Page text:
Tim Couch has a lot in common with Jared Goff. They were both No. 1 overall picks, they both played for Sonny Dykes in college, and they’re both playing for awful teams as rookies.
While Couch made his NFL debut in Week 2 of the 1999 season, Goff is yet to see the field for the Rams. In fact, he didn’t even dress for Week 1.
“I’m sure he’s frustrated,” Couch said on CBS Sports Radio’s Tiki and Tierney. “It is a transition coming from that system and trying to learn an NFL system. The plan was for me to sit behind Ty Detmer my rookie season. We were an expansion team. The last thing they wanted to do was throw a young quarterback right to the wolves. But that was the plan – to sit behind Ty.”
The Browns, however, got blown out by the Steelers, 43-0, in Week 1. Couch started Week 2 against Tennessee. He was sacked 56 times as a rookie, and the Browns finished 2-14.
“It was a tough situation,” Couch said. “I got beat up a lot. It’s a tough thing to do to a young quarterback, to kind of throw him out there when you don’t have the supporting cast in place to go out and be successful. That may be what they’re doing with Jared Goff a little bit. I’m sure some of it has to do with his development. But I think some of it has to do with they realize they’re not very good offensively right now. They haven’t scored a touchdown in the first two weeks of the season. So I think they’re trying to bring him along slowly, not put him in there where he gets beat up and sacked a lot and try to put him in in a situation where he can come out and have a little bit of success and they don’t break his confidence too early.”
Carson Wentz, the No. 2 pick in the draft, has looked great in each of his first two starts. He’s thrown for 468 yards and three touchdowns, is yet to turn the ball over and has helped the Eagles to wins over the Browns and Bears.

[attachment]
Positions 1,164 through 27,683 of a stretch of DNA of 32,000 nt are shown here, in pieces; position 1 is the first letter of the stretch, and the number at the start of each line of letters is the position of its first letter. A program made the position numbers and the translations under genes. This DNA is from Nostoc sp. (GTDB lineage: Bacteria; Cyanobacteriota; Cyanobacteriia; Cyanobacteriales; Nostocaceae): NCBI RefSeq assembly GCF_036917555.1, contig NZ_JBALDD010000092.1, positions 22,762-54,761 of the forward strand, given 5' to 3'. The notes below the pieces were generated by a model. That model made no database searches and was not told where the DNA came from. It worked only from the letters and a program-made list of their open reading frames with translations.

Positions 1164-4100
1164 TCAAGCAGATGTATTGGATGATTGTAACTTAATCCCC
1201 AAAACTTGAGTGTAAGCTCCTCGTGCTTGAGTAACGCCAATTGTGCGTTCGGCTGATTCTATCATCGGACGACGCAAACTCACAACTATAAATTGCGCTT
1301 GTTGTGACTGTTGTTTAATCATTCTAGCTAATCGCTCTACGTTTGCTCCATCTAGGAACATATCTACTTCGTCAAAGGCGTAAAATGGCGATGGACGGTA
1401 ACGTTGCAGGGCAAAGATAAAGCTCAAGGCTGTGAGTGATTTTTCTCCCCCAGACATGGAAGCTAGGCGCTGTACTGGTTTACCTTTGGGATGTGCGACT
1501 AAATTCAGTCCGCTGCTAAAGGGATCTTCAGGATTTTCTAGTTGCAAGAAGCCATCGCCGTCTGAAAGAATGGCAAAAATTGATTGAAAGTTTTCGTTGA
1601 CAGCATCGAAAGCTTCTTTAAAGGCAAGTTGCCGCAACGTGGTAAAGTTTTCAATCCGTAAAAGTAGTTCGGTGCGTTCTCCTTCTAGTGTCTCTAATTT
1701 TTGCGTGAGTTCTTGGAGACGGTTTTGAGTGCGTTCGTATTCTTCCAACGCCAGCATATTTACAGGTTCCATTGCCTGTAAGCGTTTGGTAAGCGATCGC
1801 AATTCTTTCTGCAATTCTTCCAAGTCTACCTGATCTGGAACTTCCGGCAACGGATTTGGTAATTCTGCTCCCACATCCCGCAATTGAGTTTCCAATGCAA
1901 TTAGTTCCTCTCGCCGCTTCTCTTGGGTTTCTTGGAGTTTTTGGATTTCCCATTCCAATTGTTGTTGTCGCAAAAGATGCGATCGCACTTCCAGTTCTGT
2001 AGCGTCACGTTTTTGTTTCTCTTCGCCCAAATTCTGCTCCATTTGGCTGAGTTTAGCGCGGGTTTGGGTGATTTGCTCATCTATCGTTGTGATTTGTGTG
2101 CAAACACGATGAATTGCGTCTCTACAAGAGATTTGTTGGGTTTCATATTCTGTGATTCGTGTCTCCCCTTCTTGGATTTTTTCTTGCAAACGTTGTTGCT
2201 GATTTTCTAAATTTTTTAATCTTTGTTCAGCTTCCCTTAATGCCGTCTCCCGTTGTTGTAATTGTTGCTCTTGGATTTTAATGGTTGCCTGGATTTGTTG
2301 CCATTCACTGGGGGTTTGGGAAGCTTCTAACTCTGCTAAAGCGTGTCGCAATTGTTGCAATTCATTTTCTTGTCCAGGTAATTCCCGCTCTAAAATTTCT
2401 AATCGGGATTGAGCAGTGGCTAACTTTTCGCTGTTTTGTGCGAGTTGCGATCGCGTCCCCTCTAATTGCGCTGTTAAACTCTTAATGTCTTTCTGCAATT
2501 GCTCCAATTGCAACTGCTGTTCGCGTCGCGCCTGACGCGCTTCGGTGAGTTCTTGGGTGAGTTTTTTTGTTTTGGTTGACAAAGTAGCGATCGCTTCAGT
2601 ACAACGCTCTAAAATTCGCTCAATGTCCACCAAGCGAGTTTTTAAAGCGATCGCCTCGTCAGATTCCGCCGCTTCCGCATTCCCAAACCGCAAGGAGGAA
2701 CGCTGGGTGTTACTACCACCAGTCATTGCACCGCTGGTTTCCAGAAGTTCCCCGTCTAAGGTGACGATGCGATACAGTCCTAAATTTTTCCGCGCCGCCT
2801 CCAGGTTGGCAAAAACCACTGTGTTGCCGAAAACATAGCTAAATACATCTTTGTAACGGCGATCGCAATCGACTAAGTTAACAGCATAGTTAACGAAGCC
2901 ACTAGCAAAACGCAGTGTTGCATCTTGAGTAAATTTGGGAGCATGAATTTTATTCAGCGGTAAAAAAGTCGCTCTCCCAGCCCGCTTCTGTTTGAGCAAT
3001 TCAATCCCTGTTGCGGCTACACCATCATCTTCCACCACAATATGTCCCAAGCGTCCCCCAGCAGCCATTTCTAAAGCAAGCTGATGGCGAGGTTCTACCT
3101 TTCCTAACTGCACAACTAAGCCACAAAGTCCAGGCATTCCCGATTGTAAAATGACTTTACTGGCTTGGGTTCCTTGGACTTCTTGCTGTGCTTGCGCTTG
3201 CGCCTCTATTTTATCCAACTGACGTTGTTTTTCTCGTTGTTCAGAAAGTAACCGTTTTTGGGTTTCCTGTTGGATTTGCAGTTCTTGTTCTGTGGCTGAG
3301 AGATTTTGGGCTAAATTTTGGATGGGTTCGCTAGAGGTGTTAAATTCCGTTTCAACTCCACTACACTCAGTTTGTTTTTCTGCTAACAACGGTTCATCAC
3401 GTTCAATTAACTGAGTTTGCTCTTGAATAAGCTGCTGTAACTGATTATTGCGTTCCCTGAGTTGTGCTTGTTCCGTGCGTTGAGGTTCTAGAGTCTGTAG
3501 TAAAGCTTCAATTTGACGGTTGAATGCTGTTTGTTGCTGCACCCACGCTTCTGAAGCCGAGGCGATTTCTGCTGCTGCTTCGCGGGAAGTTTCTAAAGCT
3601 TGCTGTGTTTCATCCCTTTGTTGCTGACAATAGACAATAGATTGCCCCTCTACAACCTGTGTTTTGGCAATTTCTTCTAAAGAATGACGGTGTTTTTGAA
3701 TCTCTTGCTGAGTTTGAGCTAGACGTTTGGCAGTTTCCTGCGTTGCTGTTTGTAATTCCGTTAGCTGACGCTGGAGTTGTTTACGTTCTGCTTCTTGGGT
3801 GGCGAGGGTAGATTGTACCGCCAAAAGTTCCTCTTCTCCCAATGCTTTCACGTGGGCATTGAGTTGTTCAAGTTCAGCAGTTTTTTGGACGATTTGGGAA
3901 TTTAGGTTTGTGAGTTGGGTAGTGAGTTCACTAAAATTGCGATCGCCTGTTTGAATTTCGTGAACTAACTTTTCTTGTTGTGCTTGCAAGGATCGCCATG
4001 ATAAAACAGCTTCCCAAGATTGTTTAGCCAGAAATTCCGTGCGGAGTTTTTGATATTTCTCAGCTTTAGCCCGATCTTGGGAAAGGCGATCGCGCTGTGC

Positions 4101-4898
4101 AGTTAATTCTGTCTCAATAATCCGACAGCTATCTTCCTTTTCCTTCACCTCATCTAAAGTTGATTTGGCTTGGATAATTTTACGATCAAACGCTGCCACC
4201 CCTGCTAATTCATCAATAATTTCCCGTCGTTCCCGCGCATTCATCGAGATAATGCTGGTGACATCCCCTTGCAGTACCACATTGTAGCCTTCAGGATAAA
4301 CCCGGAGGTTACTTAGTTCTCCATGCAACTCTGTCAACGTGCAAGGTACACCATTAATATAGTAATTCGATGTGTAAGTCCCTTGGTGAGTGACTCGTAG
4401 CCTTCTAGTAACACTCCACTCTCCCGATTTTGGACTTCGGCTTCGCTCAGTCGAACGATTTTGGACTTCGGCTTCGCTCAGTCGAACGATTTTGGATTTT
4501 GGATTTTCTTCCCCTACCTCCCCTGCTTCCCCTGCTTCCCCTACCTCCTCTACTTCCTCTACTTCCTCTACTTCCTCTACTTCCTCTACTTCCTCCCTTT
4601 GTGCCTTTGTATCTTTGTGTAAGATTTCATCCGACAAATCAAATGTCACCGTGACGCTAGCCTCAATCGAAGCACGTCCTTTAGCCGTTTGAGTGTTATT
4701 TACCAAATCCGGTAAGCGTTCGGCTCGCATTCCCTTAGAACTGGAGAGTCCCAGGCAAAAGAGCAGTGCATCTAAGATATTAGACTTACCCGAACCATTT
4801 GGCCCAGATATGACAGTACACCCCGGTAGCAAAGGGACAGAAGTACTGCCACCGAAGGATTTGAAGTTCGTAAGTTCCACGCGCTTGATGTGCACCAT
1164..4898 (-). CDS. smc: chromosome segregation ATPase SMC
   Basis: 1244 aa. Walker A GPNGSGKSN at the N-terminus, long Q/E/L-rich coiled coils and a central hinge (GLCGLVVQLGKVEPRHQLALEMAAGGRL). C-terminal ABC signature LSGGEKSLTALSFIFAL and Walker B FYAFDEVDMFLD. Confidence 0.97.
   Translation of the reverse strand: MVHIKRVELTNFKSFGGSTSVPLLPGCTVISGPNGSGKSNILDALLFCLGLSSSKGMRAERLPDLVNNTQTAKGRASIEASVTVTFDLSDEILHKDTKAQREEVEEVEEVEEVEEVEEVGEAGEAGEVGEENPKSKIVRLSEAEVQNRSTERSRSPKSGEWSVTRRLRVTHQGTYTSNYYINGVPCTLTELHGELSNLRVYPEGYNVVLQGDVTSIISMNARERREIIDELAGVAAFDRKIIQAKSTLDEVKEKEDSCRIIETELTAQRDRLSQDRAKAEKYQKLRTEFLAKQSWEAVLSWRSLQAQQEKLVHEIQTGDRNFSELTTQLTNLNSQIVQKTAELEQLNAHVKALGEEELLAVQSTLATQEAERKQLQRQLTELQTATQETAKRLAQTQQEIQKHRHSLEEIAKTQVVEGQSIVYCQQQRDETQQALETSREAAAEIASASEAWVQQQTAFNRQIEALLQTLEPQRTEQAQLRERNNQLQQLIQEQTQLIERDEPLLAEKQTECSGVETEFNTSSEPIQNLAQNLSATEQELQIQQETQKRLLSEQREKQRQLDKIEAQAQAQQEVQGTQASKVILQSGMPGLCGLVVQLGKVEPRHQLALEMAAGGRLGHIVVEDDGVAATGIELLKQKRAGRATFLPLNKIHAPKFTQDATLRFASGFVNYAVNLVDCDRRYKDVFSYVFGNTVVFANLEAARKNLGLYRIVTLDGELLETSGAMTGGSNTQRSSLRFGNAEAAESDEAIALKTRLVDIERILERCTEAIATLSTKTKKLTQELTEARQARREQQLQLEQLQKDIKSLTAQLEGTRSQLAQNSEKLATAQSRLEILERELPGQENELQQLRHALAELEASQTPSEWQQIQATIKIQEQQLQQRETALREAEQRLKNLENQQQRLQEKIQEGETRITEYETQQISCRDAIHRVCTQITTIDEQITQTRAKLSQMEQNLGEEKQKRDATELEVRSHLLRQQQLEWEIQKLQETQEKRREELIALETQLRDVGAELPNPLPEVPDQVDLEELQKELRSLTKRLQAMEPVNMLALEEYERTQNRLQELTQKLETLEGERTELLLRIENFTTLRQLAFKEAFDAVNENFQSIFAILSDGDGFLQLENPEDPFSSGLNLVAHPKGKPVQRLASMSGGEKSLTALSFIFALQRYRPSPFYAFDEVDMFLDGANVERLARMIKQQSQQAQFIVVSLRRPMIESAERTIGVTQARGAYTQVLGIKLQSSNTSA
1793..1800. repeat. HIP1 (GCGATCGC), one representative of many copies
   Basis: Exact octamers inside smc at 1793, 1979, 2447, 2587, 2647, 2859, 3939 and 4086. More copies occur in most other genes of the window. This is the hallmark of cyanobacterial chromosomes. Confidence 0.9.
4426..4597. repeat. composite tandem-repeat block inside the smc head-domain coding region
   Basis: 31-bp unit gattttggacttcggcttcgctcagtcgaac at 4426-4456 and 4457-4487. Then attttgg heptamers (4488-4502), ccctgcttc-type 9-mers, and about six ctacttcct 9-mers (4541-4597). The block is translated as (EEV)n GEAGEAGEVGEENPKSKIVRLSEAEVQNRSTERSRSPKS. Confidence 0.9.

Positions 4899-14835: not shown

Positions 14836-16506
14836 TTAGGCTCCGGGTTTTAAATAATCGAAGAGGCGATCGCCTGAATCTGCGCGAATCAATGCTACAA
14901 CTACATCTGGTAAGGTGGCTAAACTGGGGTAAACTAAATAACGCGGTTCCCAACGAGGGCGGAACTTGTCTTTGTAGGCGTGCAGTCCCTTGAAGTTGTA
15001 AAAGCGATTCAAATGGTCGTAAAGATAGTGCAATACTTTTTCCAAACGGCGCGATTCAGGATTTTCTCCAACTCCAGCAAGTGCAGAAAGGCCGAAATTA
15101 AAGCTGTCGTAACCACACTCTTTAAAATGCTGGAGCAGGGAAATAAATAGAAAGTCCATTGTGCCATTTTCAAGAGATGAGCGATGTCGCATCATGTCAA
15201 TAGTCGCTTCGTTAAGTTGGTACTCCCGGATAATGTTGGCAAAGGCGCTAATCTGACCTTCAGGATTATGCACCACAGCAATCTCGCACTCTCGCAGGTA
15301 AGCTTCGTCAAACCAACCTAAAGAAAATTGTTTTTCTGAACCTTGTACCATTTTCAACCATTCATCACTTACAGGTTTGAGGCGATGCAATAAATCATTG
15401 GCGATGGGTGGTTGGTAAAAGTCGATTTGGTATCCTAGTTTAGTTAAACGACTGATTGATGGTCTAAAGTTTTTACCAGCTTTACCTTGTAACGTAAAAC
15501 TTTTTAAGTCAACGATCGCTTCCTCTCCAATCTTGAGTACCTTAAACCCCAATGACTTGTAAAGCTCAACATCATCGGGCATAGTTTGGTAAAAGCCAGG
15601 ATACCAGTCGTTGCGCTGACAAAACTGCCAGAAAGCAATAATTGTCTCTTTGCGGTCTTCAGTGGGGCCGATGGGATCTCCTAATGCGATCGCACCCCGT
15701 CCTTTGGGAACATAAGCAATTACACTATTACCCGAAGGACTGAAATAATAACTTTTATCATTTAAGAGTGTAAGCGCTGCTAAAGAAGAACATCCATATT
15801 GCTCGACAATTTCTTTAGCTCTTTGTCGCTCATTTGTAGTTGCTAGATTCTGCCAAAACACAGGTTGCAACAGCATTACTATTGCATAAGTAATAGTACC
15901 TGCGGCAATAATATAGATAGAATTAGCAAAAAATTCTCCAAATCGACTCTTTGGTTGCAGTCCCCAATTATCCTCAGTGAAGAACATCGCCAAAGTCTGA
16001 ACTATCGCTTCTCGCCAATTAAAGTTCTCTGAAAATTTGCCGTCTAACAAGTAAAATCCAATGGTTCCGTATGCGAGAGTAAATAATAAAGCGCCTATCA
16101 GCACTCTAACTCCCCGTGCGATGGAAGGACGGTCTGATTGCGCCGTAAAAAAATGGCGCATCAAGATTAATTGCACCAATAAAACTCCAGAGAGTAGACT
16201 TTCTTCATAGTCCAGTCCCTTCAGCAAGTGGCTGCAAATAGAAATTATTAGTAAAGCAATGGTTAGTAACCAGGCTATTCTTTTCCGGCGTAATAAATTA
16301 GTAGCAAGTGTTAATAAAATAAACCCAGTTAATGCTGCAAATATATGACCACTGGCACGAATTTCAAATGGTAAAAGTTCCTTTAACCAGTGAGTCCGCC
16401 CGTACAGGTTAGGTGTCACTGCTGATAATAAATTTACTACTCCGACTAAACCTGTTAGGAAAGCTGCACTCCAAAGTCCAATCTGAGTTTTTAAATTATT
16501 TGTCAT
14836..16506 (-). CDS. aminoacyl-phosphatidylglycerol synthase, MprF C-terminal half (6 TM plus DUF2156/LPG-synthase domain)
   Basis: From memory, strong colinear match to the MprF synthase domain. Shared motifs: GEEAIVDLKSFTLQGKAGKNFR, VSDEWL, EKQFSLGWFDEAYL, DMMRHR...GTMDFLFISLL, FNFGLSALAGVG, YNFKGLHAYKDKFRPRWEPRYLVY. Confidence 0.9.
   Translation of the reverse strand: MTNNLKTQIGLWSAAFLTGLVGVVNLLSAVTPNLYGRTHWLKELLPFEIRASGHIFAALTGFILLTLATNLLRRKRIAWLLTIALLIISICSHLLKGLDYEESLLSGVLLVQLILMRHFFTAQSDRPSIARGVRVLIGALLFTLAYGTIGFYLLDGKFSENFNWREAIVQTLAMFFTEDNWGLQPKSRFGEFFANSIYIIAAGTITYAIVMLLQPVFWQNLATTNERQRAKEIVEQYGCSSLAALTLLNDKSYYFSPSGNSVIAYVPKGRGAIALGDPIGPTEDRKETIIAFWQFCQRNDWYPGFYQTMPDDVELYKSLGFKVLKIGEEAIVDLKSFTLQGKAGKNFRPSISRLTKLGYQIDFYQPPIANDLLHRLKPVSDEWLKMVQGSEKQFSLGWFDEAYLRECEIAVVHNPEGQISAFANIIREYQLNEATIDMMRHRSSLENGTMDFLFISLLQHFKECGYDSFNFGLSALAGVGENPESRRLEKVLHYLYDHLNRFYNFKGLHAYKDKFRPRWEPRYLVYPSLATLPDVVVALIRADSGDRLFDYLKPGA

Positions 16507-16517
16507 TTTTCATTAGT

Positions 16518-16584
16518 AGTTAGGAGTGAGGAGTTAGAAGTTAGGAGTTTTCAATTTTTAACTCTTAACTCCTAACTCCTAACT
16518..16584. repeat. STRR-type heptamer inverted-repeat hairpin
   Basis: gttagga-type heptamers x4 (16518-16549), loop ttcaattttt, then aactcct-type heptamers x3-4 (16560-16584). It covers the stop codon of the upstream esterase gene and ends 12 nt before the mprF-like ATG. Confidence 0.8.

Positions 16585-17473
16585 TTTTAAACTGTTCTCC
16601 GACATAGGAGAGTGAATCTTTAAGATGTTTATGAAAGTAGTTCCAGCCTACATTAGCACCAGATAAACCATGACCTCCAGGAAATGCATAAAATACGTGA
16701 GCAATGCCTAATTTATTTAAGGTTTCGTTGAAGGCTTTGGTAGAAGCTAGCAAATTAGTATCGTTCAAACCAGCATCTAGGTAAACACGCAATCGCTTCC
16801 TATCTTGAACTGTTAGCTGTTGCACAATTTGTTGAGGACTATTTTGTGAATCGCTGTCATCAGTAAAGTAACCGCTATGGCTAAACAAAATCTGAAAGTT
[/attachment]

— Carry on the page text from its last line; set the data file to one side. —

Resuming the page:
“Doug Pederson was a teammate of mine in Cleveland and Green Bay, and obviously Frank Reich is the offensive coordinator,” Couch said. “He’s got two quarterbacks that have been in live action in the NFL and they can teach this young quarterback what it’s all about and what he needs to know. They can also put him in situations where he can go out and be successful. Obviously the kid is really talented. He’s picking up the system really quickly. He’s got a big arm. He’s very calm and poised for a young player. I think a lot of that has to do with his head coach and his offensive coordinator being former NFL quarterbacks. So that’s a great situation for him. It is all about the supporting cast. I think you can ask any quarterback who’s ever played in the league what’s the biggest thing that you need in place to have success at that level, and they’ll say the supporting cast. It’s about offensive line. Having a good running back is huge, as Tiki knows. You’ve got to have that running back who can take that pressure off of a young player, keep him in manageable situations, get positive yardage on first and second down, and then obviously you got to have someone in the backfield you can trust on third down and to pick up blitzes and you can dump it off to him on check-downs and those things. So the supporting cast for a young player – or any quarterback, in my opinion – is critical if you want to have long-term success at that level.”